Failure to Timely Diagnose and Treat Abdominal Compartment Syndrome Leads to Severe Complications and Brain Death

    This case involves a 53-year-old female who presented to the ED complaining of a 3-4 days history of multiple episodes of daily, non-bilious, non-bloody vomiting along with generalized, diffuse, non-radiating abdominal pain (7/10), and decreased flatus.  The patient denied fever, chills, chest pain, and SOB.  She was diagnosed with an intestinal obstruction and was taken to the operating room that same day where she was diagnosed with a sigmoidal mass with bowel obstruction. A hemicolectomy with colostomy and mobilization of hepatic flexure was performed. Shortly after surgery, there was some concern that the patient developed an abdominal compartment syndrome and was promptly returned to the operating room.  Unfortunately, as her abdomen was opened the patient experienced cardiac arrest.  ACLS protocol was followed with return of pulse but the patient remained vent dependent secondary to respiratory failure, with acute renal failure developing and necessitating peritoneal dialysis. The patient eventually underwent tracheostomy and PEG tube placement and never regained consciousness. She was diagnosed with a small subarachnoid bleed in the right posterior parietal lobe and a tiny subarachnoid bleed in the left posterior parietal lobe, and because of a persistent vegetative state with no hope for recovery, the siblings made the decision to withdraw treatment and provide comfort care.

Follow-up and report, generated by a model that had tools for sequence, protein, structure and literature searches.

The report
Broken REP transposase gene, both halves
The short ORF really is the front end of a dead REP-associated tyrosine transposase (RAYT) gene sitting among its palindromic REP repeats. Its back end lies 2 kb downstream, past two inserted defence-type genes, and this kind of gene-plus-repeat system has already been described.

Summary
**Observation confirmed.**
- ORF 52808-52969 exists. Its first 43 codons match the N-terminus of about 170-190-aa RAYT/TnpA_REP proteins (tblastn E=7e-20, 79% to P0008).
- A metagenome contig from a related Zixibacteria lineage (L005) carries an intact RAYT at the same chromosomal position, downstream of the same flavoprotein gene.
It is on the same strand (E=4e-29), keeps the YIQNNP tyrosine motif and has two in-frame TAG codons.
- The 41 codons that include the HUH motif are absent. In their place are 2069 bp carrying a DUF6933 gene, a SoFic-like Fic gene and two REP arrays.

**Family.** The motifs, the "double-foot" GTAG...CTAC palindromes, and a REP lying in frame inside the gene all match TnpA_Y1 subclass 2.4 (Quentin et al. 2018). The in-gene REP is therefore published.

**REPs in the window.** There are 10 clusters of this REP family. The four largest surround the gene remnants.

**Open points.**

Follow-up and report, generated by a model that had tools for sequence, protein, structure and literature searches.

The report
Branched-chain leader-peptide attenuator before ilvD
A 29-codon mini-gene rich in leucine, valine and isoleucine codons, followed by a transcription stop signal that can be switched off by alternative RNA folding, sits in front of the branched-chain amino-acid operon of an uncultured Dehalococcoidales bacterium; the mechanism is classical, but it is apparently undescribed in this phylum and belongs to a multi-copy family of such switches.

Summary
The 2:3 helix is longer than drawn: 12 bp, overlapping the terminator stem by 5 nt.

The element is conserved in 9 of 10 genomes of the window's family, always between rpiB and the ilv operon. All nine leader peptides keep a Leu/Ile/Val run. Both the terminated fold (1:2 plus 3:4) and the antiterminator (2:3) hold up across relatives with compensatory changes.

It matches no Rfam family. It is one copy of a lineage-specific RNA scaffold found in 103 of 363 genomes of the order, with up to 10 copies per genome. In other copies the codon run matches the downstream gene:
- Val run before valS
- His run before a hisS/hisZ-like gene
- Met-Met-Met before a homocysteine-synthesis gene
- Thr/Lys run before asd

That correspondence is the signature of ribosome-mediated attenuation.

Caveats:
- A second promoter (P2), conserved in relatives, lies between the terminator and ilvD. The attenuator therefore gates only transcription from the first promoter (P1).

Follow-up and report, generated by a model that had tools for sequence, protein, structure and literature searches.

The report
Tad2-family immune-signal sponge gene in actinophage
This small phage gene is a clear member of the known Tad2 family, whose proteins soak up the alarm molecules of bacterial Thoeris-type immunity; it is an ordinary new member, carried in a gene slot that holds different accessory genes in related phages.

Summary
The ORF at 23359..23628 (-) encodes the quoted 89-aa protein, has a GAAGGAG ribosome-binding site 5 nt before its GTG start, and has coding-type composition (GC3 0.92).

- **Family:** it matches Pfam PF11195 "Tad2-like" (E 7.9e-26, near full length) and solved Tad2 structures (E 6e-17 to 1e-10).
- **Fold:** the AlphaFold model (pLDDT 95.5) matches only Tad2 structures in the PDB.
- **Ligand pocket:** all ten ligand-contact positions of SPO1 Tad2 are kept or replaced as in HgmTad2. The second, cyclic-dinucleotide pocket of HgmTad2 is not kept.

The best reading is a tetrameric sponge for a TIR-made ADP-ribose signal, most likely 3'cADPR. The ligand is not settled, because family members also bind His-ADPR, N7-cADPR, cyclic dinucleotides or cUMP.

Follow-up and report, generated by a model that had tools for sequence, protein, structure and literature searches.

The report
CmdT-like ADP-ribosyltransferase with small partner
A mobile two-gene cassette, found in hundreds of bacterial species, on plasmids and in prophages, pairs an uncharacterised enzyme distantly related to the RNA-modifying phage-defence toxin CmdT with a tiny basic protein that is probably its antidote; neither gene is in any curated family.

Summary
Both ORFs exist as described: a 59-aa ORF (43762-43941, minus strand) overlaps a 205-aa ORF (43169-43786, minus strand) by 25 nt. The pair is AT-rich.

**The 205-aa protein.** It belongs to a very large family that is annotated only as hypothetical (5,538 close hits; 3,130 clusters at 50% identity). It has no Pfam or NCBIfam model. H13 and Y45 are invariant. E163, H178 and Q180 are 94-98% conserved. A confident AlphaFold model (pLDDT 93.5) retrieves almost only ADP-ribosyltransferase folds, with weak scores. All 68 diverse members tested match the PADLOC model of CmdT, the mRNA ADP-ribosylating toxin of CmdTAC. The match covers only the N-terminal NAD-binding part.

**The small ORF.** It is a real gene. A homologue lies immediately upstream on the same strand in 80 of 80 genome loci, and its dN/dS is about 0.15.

Question(s) For Expert Witness

    • 1. Should the abdominal compartment syndrome have been noticed sooner?
    • 2. Was there a failure on the part of the physician to properly manage the fluids given during the procedure?

    Expert Witness Response E-001353

    There are a few more facts I would like to have to gain a greater understanding of what exactly went wrong here such as how much time was there between the diagnosis and the operation? I believe this may be more of a problem of failure to timely diagnose and treat abdominal compartment syndrome. As far as the second question, I’m not sure if failure to properly manage IV fluid administration s/p exploratory laparotomy, extended left hemicolectomy with end colostomy, and mobilization of splenic flexure due to bowel obstruction is negligence in this situation. As a colorectal surgeon, I see patients such as this all the time and many surgical patients have fluid and electrolyte disturbances as a result of surgery but this is considered the norm and is managed on a case by case basis.

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